In a move to free up another 500 MHz of spectrum for wireless data services, President Obama ordered the National Telecommunications and Information Administration (NTIA) and the Federal Communications Commission (FCC) to free up federal and nonfederal spectrum.
Expanded wireless broadband access will trigger the creation of innovative new businesses, provide cost-effective connections in rural areas, increase productivity, improve public safety, and allow for the development of mobile telemedicine, tele-work, distance learning, and other new applications that will transform Americans lives, Obama said in a signed presidential directive.
The presidents order would double the airwaves available for wireless devices over the next 10 years to 500 MHz of spectrum. The availability of more wireless spectrum will allow faster delivery of data and video onto smart phones and other next-generation devices and largely address what many have described as a looming bandwidth crunch.
The telecommunications industry will be able to acquire some of this public spectrum through government auction. The FCC, for example, has already promised to make 300 MHz available for auction within the next five years. Some of the revenues from these auctions will be used to create a nationwide public safety network to keep communications running in the event of an emergency, which was a recommendation of the 9/11 Commission.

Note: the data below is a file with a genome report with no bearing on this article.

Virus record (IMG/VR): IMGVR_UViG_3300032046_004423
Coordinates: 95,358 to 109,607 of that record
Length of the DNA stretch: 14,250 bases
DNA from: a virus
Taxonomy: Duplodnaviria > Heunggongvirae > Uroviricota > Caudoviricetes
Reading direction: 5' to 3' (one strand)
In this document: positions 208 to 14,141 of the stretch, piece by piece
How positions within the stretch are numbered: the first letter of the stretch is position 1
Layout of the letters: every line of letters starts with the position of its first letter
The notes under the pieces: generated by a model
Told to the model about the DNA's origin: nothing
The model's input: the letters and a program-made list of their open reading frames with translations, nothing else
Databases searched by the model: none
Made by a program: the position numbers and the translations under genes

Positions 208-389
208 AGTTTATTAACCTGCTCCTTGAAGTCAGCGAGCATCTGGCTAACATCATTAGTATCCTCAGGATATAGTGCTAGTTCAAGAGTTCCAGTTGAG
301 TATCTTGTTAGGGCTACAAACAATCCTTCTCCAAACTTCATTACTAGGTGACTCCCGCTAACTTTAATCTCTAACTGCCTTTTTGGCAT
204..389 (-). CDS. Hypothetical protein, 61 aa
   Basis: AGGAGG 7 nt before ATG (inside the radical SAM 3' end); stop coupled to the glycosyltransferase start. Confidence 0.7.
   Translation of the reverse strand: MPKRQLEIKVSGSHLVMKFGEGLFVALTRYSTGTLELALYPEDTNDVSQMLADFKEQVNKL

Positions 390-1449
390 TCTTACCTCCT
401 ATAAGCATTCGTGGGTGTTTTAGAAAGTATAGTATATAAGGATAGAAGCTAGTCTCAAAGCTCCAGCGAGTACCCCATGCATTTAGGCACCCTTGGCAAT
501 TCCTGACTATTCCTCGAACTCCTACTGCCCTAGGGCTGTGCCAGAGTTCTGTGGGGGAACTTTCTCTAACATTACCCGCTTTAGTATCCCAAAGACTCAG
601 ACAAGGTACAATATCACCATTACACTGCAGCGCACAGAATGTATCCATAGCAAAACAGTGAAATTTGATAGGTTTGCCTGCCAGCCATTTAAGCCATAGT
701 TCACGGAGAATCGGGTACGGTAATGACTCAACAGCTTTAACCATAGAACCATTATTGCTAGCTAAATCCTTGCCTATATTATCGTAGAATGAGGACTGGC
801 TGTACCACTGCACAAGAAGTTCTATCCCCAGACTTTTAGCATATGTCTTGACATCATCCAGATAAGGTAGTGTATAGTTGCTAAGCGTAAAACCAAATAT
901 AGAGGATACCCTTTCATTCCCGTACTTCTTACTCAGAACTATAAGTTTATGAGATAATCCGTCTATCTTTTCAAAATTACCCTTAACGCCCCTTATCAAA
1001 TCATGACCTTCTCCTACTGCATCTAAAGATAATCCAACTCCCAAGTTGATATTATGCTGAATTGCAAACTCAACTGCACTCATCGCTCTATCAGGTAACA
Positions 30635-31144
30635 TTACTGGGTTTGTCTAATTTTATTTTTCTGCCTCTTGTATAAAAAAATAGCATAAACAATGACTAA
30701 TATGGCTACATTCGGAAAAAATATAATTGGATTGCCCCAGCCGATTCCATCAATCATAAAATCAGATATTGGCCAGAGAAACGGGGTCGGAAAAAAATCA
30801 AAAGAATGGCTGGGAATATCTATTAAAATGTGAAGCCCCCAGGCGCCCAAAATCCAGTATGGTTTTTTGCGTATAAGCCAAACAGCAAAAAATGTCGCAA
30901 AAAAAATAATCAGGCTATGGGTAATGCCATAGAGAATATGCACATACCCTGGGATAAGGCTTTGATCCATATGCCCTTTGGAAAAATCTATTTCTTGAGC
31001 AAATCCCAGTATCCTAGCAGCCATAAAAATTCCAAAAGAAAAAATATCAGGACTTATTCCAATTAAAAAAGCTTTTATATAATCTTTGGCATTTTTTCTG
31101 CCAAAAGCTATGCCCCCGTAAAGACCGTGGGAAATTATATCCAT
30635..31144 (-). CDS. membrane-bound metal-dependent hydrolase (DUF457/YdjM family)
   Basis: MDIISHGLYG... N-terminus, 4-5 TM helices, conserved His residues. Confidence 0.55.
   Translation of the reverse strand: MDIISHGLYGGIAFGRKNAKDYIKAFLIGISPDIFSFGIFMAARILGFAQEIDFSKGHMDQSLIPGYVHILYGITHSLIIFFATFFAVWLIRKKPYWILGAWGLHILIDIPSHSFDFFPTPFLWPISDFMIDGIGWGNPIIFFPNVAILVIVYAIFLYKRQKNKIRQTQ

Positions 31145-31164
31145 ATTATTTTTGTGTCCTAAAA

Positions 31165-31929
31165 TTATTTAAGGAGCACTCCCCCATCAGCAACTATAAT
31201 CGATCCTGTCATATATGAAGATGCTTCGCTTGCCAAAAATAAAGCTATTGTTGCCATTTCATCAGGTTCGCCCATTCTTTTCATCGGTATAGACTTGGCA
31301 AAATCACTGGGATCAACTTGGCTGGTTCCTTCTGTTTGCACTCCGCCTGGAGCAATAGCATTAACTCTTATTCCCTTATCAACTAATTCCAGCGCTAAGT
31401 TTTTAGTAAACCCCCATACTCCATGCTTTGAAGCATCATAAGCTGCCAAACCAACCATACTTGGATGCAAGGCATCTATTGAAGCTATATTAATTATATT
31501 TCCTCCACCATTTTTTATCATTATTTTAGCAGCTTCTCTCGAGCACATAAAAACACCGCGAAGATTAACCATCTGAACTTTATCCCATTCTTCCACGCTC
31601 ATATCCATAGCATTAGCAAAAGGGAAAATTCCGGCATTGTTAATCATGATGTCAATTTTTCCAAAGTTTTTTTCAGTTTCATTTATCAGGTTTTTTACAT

The initiatives endorsed today will spur economic growth, promote private investment and drive U.S. global leadership in broadband innovation, said FCC Chairman Julius Genachowski. Spectrum is the oxygen of wireless, and the future of our mobile economy depends on spectrum recovery and smart spectrum policies.
According to the Cellular Telephone Industries Association (CTIA), an international industry trade group representing the wireless industry, the directive will dramatically expand the nations broadband capacity, opening the door to new innovations.
By making spectrum available for auction, the administration will enable the wireless industry to invest billions of dollars to purchase the licensed spectrum, and billions more to build and upgrade the networks that fuel our virtuous cycle of innovation, said CTIA CEO Steve Largent.